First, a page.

Friday, December 10, 2010

Phage therapy - a secret we ignore at our peril

G.W. (Bill) Riedel, PhD, MCIC

If I suggested that a cure for the cholera outbreak in Haiti could be found in the same rivers thought to be responsible for the outbreak in the first place, most people would consider me crazy; however, 1896 the British bacteriologist, Ernest Hankin reported on the presence of marked antibacterial activity (against Vibrio cholerae) which he observed in the waters of the Ganges and Jumna rivers in India, and he suggested that an unidentified substance (which passed through fine porcelain filters and was heat labile) was responsible for this phenomenon and for limiting the spread of cholera epidemics. Several other scientists made similar observations; however, in 1917 the French-Canadian microbiologist, Felix D’Herelle, working at the Pasteur Institute, realized that the antibacterial activity was due to viruses which he named bacteriophages (phages for short) and he soon experimented with the possibility of using phages to cure and prevent bacterial infections. He subsequently worked all over the world, including Russia, Tbilisi, Georgia, where his efforts survive to this day in the form of the Phage Therapy Center ( ) that treats patients from all over the world.

Bacteriophages are viruses which are parasitic to bacteria and cannot multiply without infecting specific bacterial hosts. Each phage can only infect a specific bacterial host as it has to be able to link with special surface structures of the bacterial cell and once attached the phage injects its DNA into the bacterial host causing the infected bacterium to produce 50 to 200 daughter phages in as little as 30 minutes. Lytic phages then disrupt the bacterial cell, killing it and each daughter phage then looks for a new bacterium to infect and kill.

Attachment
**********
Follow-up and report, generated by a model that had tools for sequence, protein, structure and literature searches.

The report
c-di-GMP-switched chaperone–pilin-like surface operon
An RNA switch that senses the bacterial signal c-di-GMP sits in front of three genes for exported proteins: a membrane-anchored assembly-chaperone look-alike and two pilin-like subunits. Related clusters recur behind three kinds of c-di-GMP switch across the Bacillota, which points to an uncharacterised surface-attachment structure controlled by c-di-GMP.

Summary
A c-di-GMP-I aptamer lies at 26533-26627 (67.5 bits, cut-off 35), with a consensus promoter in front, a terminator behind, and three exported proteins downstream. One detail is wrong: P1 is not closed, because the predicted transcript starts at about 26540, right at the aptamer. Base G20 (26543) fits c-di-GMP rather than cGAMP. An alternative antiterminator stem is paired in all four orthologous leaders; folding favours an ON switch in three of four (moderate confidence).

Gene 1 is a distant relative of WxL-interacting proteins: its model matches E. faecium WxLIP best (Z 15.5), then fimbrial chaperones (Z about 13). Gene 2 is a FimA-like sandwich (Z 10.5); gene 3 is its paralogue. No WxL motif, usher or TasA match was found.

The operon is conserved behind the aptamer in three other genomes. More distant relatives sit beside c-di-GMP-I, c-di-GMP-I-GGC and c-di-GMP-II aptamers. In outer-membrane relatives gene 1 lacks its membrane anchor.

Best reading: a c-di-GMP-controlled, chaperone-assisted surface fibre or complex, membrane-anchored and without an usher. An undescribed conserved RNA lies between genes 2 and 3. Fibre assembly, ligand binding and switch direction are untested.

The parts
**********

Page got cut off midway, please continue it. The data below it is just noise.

Prior to the discovery of the electron microscope in 1940 it was not possible to see bacteriophages and early phage biology depended on the observation that the addition of phages to broth cultures in which bacteria had grown resulted in clearing of the turbid broth and death of bacteria. When phages were added to solid media on which bacteria had grown clear zones (plaques) could be seen. Generally speaking, phage biology was not well understood and results from phage therapy treatments tended to be variable. Additionally antibiotics appeared and interest in phage therapy in the West ceased until antibiotic-resistance and superbugs resulted in renewed research in the West. It is interesting that many reviews dwell excessively on early work on phage therapy, rather than focusing on current knowledge. For individuals interested in the history of phage therapy the book by Thomas Haeusler entitled, Viruses vs. Superbugs, a solution to the antibiotics crisis? published in 2006 is recommended as an informative and more positive read on the history of phage therapy ( see ).

A more timely and productive approach to scientific information on phage therapy can be found in two review articles published this year:

• Monk et al. 2010 Bacteriophage applications: where are we now? Letters in Applied Microbiology, 51, 363-369.